ese ratings are not foolproof, because chiles can vary in degrees of hotness due to the local conditions where they were grown. To pretest the heat of a chile before you add it to a recipe, cut off a very small piece and taste it raw. To be safe, I recommend that you have a glass of cold milk or a bowl of yogurt on hand because dairy is really the only way to offset the burn of a hot chile.


Capsaicin is produced in chiles by glands at the junction of the rib and the pod wall. It spreads unevenly throughout the inside of the pod and is concentrated mostly in the ribs. The seeds are not sources of heat as commonly believed. However, because of their proximity to the rib, they occasionally absorb capsaicin through the growing process.

Capsaicin is an incredibly powerful and stable compound seemingly unaffected by drying or temperature. It will retain its original potency no matter how long the chile is dried, cooked, or stored in the freezer.


This technique is normally used to cook vegetables, green vegetables in particular because it helps them to retain their vibrant color; it can also be used to prepare shellfish for a ceviche. Prepare a large bowl of ice water. Bring salted water to a boil, add the vegetables or shellfish, and cook, either until tender or for as long as directed in the recipe. Drain the vegetables and plunge into the ice water to stop the cooking. Drain again.


Cold-smoking is a technique that imparts a smoky flavor to meat, fish, or vegetables. Since no cooking takes place, the interior texture of the food generally isn’t affected and further preparation is required, such as roasting, grilling, curing, or sautéing. I love using smoked tomatoes in salsas and smoked fish or shrimp for tacos.

Prepare a small charcoal or wood fire in a domed grill or on a stove-top cold-smoker. Lay chips of soaked aromatic wood, such as hickory, apple, or mesquite, over the ashes—you just want to get the smoke going, not a very hot fire. (Remember that food isn’t cooked by this method, but is infused with a smoky flavor.)

Arrange the food on the grill rack over the chips, open the top vent slightly, and cover the grill so that the smoke stays inside. Smoke for the amount of time indicated below:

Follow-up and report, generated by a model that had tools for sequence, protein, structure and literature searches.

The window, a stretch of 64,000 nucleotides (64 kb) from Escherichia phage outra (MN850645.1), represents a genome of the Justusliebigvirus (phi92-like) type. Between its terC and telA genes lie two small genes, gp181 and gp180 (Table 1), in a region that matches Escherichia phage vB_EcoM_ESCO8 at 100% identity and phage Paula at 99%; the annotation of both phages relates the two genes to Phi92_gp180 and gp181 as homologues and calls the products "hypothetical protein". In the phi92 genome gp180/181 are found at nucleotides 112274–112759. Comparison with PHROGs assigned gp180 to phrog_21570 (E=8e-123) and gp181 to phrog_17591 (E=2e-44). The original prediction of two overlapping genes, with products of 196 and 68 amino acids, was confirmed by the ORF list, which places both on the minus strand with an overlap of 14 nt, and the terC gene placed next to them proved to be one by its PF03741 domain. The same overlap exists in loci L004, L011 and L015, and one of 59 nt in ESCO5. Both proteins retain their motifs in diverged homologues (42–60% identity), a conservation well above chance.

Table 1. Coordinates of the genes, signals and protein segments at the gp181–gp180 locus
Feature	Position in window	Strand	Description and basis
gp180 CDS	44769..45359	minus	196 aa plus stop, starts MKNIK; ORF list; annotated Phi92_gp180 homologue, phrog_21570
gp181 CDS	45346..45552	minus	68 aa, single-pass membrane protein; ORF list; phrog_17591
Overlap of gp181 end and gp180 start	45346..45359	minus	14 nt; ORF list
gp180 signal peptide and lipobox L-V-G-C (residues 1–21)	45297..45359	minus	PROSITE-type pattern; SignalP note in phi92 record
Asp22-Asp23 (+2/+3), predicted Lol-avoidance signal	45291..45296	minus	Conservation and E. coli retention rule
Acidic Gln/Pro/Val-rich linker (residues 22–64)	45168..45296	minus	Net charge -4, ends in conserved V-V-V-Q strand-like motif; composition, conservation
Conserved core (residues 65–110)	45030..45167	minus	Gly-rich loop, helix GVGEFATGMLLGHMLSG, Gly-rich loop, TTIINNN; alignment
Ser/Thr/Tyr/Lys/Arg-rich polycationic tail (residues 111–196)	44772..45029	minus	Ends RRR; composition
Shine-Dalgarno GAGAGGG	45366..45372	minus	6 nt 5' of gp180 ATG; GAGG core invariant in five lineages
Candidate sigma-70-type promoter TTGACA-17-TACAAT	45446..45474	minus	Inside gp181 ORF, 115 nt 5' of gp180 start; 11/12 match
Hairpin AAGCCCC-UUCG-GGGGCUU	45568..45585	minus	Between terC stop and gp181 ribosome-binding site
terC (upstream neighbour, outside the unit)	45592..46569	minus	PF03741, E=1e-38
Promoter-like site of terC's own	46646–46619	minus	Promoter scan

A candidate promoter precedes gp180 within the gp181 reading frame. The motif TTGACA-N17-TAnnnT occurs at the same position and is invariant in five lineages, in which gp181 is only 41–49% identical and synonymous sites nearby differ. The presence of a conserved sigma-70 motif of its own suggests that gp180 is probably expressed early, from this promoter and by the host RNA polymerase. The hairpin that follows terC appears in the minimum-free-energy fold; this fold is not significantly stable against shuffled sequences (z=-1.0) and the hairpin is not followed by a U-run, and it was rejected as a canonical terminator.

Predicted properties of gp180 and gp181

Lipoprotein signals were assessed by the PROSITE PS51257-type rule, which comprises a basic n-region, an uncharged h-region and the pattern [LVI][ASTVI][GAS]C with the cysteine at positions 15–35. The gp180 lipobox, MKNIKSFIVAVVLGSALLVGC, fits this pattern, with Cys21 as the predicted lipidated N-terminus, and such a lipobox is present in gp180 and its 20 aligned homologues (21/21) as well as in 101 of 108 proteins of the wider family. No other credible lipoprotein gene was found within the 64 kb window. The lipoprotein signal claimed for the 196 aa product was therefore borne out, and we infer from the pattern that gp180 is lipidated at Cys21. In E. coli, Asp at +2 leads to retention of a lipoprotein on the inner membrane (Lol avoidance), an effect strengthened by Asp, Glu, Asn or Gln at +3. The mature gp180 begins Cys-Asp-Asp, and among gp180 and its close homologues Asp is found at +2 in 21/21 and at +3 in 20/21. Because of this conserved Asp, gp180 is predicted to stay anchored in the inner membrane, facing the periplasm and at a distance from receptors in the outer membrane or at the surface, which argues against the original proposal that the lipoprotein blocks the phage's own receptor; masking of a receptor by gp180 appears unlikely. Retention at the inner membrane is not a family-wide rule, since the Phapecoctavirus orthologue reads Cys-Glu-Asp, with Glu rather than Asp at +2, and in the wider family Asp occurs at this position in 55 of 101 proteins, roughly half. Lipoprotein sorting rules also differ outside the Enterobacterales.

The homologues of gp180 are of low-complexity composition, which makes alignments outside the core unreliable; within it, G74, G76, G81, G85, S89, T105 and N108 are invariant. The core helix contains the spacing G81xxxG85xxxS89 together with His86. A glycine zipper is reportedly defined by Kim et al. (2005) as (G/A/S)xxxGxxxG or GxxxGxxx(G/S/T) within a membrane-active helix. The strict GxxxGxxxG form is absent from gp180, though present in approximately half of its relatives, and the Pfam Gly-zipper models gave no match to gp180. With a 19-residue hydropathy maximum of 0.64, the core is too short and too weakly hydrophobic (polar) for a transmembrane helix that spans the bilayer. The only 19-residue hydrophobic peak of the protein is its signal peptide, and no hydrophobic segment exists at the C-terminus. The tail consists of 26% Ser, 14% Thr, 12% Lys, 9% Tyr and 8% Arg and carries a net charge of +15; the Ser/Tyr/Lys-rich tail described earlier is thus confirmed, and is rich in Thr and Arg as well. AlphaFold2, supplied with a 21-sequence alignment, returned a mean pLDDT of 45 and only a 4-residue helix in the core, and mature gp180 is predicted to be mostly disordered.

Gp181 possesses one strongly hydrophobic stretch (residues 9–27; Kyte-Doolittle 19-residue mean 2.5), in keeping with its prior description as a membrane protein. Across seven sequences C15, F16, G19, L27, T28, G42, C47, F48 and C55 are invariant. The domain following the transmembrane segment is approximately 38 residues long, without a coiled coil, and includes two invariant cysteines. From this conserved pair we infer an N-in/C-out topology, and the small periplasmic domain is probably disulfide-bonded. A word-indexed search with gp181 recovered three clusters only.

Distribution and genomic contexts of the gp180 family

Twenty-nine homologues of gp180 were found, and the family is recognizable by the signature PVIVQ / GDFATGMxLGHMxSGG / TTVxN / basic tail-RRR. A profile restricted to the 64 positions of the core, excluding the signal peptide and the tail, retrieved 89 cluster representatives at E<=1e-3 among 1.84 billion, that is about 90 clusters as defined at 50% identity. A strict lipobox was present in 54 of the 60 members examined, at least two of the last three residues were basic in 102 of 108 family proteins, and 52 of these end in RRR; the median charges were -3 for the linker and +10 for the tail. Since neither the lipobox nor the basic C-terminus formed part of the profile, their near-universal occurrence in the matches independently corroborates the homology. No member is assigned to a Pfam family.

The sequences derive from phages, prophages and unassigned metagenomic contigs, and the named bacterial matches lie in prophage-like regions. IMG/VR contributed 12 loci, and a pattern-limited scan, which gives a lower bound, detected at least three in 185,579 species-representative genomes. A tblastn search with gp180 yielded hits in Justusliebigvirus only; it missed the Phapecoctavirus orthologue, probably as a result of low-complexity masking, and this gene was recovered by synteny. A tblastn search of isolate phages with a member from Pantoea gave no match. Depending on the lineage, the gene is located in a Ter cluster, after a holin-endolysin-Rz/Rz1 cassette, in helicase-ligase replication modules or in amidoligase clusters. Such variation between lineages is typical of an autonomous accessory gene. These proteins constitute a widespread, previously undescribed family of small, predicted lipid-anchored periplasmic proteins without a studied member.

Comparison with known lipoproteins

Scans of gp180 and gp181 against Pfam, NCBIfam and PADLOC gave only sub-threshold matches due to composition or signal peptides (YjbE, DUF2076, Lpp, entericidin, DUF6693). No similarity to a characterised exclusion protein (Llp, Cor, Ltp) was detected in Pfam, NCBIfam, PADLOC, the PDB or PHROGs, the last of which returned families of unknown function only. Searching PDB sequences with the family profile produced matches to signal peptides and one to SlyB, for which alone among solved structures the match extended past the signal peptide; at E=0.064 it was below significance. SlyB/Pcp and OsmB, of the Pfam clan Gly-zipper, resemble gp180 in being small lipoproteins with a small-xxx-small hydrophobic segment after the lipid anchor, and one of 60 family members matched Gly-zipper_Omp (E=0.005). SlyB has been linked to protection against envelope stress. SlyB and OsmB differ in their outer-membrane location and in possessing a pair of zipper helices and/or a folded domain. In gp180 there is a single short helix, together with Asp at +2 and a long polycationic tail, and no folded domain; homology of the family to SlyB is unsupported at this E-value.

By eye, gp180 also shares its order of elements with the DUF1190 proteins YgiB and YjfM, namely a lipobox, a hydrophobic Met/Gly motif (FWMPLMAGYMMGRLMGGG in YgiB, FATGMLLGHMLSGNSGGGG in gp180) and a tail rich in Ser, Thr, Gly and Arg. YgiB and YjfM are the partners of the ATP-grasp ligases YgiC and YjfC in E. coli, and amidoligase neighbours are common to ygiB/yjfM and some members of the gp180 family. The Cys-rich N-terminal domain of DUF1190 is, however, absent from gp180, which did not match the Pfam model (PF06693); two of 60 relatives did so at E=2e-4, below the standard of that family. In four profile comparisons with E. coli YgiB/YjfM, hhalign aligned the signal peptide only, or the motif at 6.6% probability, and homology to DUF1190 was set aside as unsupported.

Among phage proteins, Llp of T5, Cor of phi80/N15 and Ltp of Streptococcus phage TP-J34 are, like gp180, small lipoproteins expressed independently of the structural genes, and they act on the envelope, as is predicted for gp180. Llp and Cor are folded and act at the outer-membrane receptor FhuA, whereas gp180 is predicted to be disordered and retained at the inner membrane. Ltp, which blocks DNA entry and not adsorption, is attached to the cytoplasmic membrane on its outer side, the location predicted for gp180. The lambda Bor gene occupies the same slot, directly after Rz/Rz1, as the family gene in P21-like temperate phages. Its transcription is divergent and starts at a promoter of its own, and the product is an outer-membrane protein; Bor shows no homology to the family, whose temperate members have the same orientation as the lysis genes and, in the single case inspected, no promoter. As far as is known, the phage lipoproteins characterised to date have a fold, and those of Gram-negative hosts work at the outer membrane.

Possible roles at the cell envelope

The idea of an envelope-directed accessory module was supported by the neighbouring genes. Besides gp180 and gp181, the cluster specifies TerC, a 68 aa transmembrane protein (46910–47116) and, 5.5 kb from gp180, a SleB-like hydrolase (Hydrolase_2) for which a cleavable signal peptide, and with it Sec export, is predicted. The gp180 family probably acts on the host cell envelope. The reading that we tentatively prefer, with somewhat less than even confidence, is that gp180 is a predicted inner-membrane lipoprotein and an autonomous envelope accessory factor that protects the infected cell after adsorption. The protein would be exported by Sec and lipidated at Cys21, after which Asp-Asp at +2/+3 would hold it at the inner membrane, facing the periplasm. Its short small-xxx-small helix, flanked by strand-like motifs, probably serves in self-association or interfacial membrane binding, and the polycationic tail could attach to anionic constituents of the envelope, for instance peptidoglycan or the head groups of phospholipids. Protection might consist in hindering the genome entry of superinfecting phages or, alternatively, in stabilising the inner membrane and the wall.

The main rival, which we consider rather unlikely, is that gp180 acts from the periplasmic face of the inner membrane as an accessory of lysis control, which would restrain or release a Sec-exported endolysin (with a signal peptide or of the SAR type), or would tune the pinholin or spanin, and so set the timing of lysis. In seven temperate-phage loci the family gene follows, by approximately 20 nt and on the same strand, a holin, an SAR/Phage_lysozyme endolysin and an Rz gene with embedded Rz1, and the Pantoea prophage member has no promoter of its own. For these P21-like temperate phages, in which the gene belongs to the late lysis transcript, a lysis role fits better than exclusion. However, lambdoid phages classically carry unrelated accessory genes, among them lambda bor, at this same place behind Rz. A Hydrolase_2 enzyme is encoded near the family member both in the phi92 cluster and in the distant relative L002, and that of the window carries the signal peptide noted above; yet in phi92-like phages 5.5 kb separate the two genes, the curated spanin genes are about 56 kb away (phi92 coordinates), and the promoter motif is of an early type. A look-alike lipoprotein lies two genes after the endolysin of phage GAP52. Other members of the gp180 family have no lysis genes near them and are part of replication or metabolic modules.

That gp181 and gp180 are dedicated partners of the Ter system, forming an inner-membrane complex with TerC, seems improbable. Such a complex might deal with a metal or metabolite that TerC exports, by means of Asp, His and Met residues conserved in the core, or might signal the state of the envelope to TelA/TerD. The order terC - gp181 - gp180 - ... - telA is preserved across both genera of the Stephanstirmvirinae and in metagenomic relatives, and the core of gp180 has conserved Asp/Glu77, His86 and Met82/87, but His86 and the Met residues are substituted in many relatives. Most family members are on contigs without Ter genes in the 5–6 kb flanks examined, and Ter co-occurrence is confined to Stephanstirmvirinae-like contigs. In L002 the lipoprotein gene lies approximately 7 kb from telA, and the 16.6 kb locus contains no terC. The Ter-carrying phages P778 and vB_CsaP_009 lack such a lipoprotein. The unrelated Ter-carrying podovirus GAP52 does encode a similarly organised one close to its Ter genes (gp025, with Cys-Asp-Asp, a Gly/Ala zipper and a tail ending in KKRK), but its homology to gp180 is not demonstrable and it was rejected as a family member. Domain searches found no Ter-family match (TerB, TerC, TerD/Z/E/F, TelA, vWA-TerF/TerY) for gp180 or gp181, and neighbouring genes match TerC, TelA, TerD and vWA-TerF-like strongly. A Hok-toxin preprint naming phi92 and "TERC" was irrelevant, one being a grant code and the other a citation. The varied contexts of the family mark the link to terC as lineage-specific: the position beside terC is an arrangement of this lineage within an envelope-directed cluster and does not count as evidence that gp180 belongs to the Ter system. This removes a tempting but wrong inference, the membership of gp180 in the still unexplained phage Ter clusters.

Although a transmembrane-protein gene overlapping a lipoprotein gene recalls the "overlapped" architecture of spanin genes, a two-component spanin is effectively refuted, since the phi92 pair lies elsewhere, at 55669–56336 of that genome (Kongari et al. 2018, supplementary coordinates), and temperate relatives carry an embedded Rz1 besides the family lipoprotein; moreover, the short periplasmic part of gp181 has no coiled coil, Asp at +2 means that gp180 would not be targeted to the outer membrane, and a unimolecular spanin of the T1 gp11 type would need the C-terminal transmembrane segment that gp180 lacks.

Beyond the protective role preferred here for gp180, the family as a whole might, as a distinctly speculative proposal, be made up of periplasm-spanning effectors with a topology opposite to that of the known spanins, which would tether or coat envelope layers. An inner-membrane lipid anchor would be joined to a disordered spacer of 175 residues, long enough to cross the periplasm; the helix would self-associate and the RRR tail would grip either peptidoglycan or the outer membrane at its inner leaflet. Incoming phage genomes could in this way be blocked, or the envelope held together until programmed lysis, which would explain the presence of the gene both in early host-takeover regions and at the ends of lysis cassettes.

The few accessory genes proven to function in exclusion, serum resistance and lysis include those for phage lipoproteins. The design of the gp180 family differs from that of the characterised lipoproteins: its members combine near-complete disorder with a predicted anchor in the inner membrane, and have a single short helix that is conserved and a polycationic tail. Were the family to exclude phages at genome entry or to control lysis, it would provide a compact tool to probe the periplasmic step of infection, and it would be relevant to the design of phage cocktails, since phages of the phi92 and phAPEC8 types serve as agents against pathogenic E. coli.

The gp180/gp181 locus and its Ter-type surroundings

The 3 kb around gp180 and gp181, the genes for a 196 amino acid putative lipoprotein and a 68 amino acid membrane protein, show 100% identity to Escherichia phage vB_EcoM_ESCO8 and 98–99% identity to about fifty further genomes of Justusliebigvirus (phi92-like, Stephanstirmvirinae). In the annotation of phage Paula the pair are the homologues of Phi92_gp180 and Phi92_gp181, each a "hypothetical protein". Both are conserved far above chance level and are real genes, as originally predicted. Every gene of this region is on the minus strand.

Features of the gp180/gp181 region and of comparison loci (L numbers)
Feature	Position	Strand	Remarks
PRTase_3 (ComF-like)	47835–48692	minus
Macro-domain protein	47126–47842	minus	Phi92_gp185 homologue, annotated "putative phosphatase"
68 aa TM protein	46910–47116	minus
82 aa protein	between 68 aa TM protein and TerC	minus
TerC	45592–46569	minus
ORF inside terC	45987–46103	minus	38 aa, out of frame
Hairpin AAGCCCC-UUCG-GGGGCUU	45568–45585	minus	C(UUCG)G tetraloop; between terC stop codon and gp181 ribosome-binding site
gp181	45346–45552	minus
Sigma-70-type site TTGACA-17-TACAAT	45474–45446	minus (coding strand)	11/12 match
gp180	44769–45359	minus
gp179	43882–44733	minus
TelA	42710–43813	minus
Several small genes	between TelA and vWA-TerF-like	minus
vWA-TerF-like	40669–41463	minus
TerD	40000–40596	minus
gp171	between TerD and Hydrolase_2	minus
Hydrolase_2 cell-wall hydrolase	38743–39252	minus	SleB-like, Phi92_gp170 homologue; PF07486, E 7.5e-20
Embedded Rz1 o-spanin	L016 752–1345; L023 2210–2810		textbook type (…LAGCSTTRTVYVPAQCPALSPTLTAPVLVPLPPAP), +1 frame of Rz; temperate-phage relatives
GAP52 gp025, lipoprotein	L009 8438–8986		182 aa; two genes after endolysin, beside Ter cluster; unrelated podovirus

Meat—15 minutes

Fish fillets and peeled shrimp—10 minutes

Peppers and chiles (rub with oil first)—20 minutes

Tomatoes (rub with oil first)—10 minutes


Preheat the oven to 375 degrees F. Brush the peppers with olive oil and season with salt and pepper, place in the oven on a rimmed baking sheet, and rotate until charred on all sides, 15 to 17 minutes. Remove from the oven and place the roasted peppers in a bowl, cover with plastic wrap, and let sit for 15 minutes to allow the skin to loosen. Then peel, halve, and seed. Treat chiles exactly the same way as the peppers. Roasted peppers and chiles can be covered and stored for up to 5 days in the refrigerator.


Toasting chiles intensifies their flavor. Heat a dry sauté pan over high heat until almost smoking. Add the chiles to the pan and toast for 20 to 30 seconds on each side. Remove and let cool slightly, then remove the stems and the seeds. Toasted dried chiles can be kept stored in a cool, dark place in a container with a tight-fitting lid for up to 6 months.


Place dried chiles in a bowl, pour boiling water on top, and let soak for about 30 minutes, or until soft. Remove the chiles from the water and remove the stems and seeds, reserving the water. To puree them, place the chiles in a food processor with a little of the soaking liquid and process until smooth. To make chipotle chile puree, empty the contents of a can of chipotles in adobo sauce into a food processor and process until smooth. Chile puree can be covered and stored for up to 5 days in the refrigerator. Chipotle puree will last up to a month because of the vinegar in the adobo sauce.


You will see this term throughout the book. We use pan-roasting a lot at Mesa Grill and it is a great technique for thicker cuts of meat and fish. This method involves starting the food out in a hot sauté pan on top of the stove to get a good, flavorful crust and finishing it in a very hot oven to cook it evenly. If cooked entirely on the stove, thicker cuts will burn on the outside before cooking through on the inside. By finishing this kind of cut in the oven instead, where the heat is even and not just coming from underneath, the result is a perfectly cooked piece of meat or fish.


Preheat the oven to 375 degrees F. Pull the husks back from each ear of corn, but do not pull them off entirely. Remove the silks and then replace the husks. Soak the ears in co